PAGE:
At the time of the sale, Greene said, Westerly Hospital was $35 million in debt, including $7 million owed on bonds, $5 million in bank loans, $3 million in lease payments, $11 million in trade payables, and $5 million in accrual obligations. L+M paid all of the debt in the first year of its ownership as well as $8 million for malpractice insurance to cover physicians during the transition to new ownership, closing costs, and working capital advances prior to the closing.

    The Westerly Hospital currently has $12 million in payables and $8 million in other liabilities, and no bank debt. The hospital has $60 million in assets and a fund balance of $40 million. “That’s very strong for a nonprofit,” Greene said.

    To date about $5.6 million has been spent by L+M on items such as new CT scan equipment, information technology, and building and grounds renovations, Greene said.

    Physician recruitment, Greene said, is a daily priority. A plastic surgery program has been reintroduced at Westerly and a comprehensive medical staff plan implemented. The hospital has added one family practice physician, two ob/gyn specialists, one general surgeon, an orthopedist surgeon, a dermatologist, two physicians assistants, and two advanced practice registered nurses.

    L+M Healthcare System employs about 2,500 full-time equivalents, including about 500 full-time equivalent employees at Westerly, Greene said. “This is a world class health care system with world class physicians,” Greene said.

    L+M Health Care System is currently developing a three-year strategic plan, which Greene said should be completed by Aug . 1. Combined with the results of a recently released community health assessment for Rhode Island, Greene said the strategic planning process will likely “lead ultimately to some form of broad-based community campaign, likely at least a year away.”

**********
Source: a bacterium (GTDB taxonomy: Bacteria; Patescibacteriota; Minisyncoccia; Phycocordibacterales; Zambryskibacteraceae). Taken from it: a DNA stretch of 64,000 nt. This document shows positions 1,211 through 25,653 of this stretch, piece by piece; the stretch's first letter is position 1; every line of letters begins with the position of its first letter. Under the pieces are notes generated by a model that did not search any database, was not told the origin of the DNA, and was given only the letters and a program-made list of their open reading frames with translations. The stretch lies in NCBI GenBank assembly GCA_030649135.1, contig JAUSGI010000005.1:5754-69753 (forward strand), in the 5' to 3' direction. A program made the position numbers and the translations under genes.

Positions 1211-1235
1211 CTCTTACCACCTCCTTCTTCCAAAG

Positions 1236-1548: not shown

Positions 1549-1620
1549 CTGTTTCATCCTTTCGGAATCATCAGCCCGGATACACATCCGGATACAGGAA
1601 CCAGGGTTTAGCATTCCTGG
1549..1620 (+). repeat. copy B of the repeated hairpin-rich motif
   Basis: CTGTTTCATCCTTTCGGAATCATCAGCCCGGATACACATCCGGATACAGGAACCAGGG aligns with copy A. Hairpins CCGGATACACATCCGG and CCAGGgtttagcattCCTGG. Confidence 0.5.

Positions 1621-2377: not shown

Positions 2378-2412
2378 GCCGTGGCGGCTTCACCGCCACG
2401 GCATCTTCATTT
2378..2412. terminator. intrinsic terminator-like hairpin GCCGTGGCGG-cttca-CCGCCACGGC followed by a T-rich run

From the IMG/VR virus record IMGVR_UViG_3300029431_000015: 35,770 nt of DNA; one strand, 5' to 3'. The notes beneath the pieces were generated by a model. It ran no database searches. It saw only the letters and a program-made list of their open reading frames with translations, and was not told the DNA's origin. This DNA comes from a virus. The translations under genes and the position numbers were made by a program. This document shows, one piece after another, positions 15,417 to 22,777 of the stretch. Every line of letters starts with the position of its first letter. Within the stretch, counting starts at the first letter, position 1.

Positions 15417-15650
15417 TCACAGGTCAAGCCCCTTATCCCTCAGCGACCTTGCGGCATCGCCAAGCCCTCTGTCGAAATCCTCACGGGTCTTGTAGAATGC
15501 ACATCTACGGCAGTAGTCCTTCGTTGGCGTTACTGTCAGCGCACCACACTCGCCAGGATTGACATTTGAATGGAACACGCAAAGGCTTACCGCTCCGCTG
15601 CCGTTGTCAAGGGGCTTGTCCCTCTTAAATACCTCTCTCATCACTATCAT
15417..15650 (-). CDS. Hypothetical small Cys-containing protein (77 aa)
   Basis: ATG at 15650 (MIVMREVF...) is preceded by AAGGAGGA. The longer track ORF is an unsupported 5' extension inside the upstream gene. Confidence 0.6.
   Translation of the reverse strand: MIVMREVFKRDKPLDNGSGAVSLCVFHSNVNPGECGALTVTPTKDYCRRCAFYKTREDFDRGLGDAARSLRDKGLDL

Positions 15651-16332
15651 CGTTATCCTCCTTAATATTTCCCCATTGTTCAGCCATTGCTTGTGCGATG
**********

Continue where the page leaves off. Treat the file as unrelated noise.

Local donors have also returned to support The Westerly Hospital as evidenced by more than 1,000 donations in the 2013 annual campaign, Greene said.

    Greene attributed much of the turnaround to the cooperation and sacrifices made by the hospital’s employees, particularly its unionized workers. Liguori repeated the message, praising the “leadership capability that these two women demonstrated in order to pull this off,” referring to Desmond and Lawrence.

    Liguori also praised the Town Council for supporting the hospital during the receivership period and endorsing the Westerly Area Residents Committee, which was sanctioned by the court to help monitor the receivership and make recommendations on the hospital’s final disposition.

    The town came together to support the hospital during its crisis period, said Diana Serra, council president.

    “What is a community like Westerly going to do without a hospital? It’s unheard of. Westerly without a hospital? It’s not going to happen, so we came together and showed the medical community that we need this hospital,” Serra said.

    Councilor Christopher Duhamel asked what the council can do to help keep The Westerly Hospital in business. Promote, the facility to others, Greene said.

    “We really want the community to know that the hospital continues to be available to the community. The point there is if we don’t use it, if everyone jumps in the car and runs to Boston and New York, and I don’t mean that disrespectfully, how can we continue to assume that 25 Wells Street will always be there?” Greene said. “Utilization of the facility is critical.”